Sunday, September 25, 2016
Gateway to Sikhism

GURDWARA SAHIB KAJANG, SELANGOR

Jalan Sungei Chua, 43000 Kajang, Selangor

In the early 1880s, the earliest Sikh pioneers who settled near Kajang were two brothers, Sardar Bhan Singh (later appointed the first Sikh Justice of the Peace in the State of Selangor in 1920) and his younger brother, Sardar Dhan Singh (the author's father). They were from Village Dalla, Tehsil Jagraon, Ludhiana, Punjab. They established their bullock cart transport service after obtaining a lucrative contract to fill up the marshy land where the present High Court Building in Kuala Lumpur stands. They employed Sikhs as bullock cart drivers and for general labour. By the early 1900s, both brothers had established the Guru Nanak Rubber Estate at the 9th Mile Jalan Cheras, Ulu Langat, that was over 500 acres in size. A considerable number of Sikhs were employed by the estate as security guards, cooks and for general labour.

Due to the efforts of Sardar Bhan Singh J.P. and Sardar Dhan Singh, a piece of land in the town of Kajang, District Ulu Langat was gazetted vide Gazette Notification Number 5674 as a Sikh Temple Reserve by the Resident of Selangor on 4th November 1921. The size of the land is 2 Roods 24 Poles Plan Number 13,409 Lot No. 5 Section No. 13.

The site of the Gurdwara Sahib land was formerly a swamp. After the land had been allocated, a small group of Sikhs objected to the building of the Gurdwara Sahib, Kajang. While the Sikhs were trying to sort out their differences, a group of Punjabi `Musalmans' assisted the Sikhs by offering the use of their bullock carts, free of charge, to fill up the swampy ground.
In 1922, the Sikh Sangat in Kajang and surrounding areas donated generously to build the Gurdwara Sahib. The Gurdwara Sahib building was a single storey wooden structure with concrete pillars and a tiled roof. It was completed by the end of 1922. The design of the Gurdwara Sahib Kajang building was quite similar to that of the Gurdwara Sahib Serdang.

In the early 1920's, the main water pipeline existed up to the town of Kajang only. Sardar Bhan Singh and Dhan Singh, at their own expense, extended the pipeline from the main pipeline in Kajang to the Gurdwara Sahib premises, which was nearly a half a mile away.

Bhai Bhag Singh of village Kot Kror served as a Granthi in this Gurdwara Sahib for more than 10 years from the late 1930s to the 1940s. In 1970, the old Gurdwara Sahib building was in a state of disrepair and was the refore demolished. The new Gurdwara Sahib, which is a single storey brick building, was constructed in 1970 at a cost of RM45,000.00 out of which RM25,000.00 was donated by the Selangor State Government. There is one room available for visitors who may wish to stay in the Gurdwara Sahib.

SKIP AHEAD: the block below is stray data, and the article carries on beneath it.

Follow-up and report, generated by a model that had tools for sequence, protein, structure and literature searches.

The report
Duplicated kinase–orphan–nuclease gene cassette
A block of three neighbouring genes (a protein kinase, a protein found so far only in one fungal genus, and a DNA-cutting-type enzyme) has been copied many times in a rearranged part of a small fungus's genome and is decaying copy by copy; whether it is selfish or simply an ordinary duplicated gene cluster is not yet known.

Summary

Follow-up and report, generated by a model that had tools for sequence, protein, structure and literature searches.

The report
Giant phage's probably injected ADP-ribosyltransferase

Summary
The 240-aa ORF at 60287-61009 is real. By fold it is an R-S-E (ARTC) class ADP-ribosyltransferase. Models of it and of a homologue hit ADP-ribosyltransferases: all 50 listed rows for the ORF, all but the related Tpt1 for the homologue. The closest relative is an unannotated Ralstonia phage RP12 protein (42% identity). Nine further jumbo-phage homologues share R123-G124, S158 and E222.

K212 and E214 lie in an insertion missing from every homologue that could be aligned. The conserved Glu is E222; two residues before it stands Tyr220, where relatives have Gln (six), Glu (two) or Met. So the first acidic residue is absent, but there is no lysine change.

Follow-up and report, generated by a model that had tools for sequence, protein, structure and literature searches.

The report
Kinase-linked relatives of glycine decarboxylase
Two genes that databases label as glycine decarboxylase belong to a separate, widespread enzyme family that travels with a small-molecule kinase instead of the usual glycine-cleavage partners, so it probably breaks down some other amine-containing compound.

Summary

The Management Committee comprises of the President, Secretary, Treasurer and their assistants as well as eight committee members. There are presently around 150 Sikh families who participate in the religious activities in this Gurdwara Sahib and 15 Sikh students who attend Punjabi classes, four times a week.

The weekly prayers are held on Sunday mornings from 7.30a.m. to 9.00a.m. during which the Asa di War Kirtan is recited. Religious programmes are held as and when necessary at the request of the Sangat. Sikh Naujawan programmes are held on Monday evenings from 7.00p.m. to 8.30p.m. The Universiti Kebangsaan Malaysia (UKM) Sikh students also participate in this Gurdwara Sahib's programmes.

The author is grateful to Sardar Kehar Singh of village Fatehgarh Karotana, Moga and Sardar Meja Singh of village Kala who provided some of the information on the early history of the Kajang Gurdwara Sahib.

(Note: In August 2001, the Gurdwara Sahib Kajang Development Committee was established. It is now in the process of acquiring the land adjacent to the Gurdwara Sahib known as Allotment 5, Section 13 Jalan Raja Hishamuddin (Jalan Sungei Chua), Kajang. This acquisition is expected to be finalised by the beginning of 2004. The Kajang Sikh Centre, a 4 storey building, is expected to be built on this land at a later date. Once completed, it will include a multipurpose hall, a hostel for students from nearby Universities and Colleges, a career guidance center, Sikh Museum and a library. This project is expected to cost more than RM3,000,000.00. This amount includes the cost of the land, which is RM833,000.00).

Courtesy:
Sikh Gurudwaras in Malaysia&Singapore
Saran Singh Sidhu AMN,PNM,FRNS

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The etymology of the term 'gurdwara' is from the words 'Gur (ਗੁਰ)' (a reference to the Sikh Gurus) and 'Dwara (ਦੁਆਰਾ)' (gateway in Gurmukhi), together meaning 'the gateway through which the Guru could be reached'. Thereafter, all Sikh places of worship came to be known as gurdwaras.
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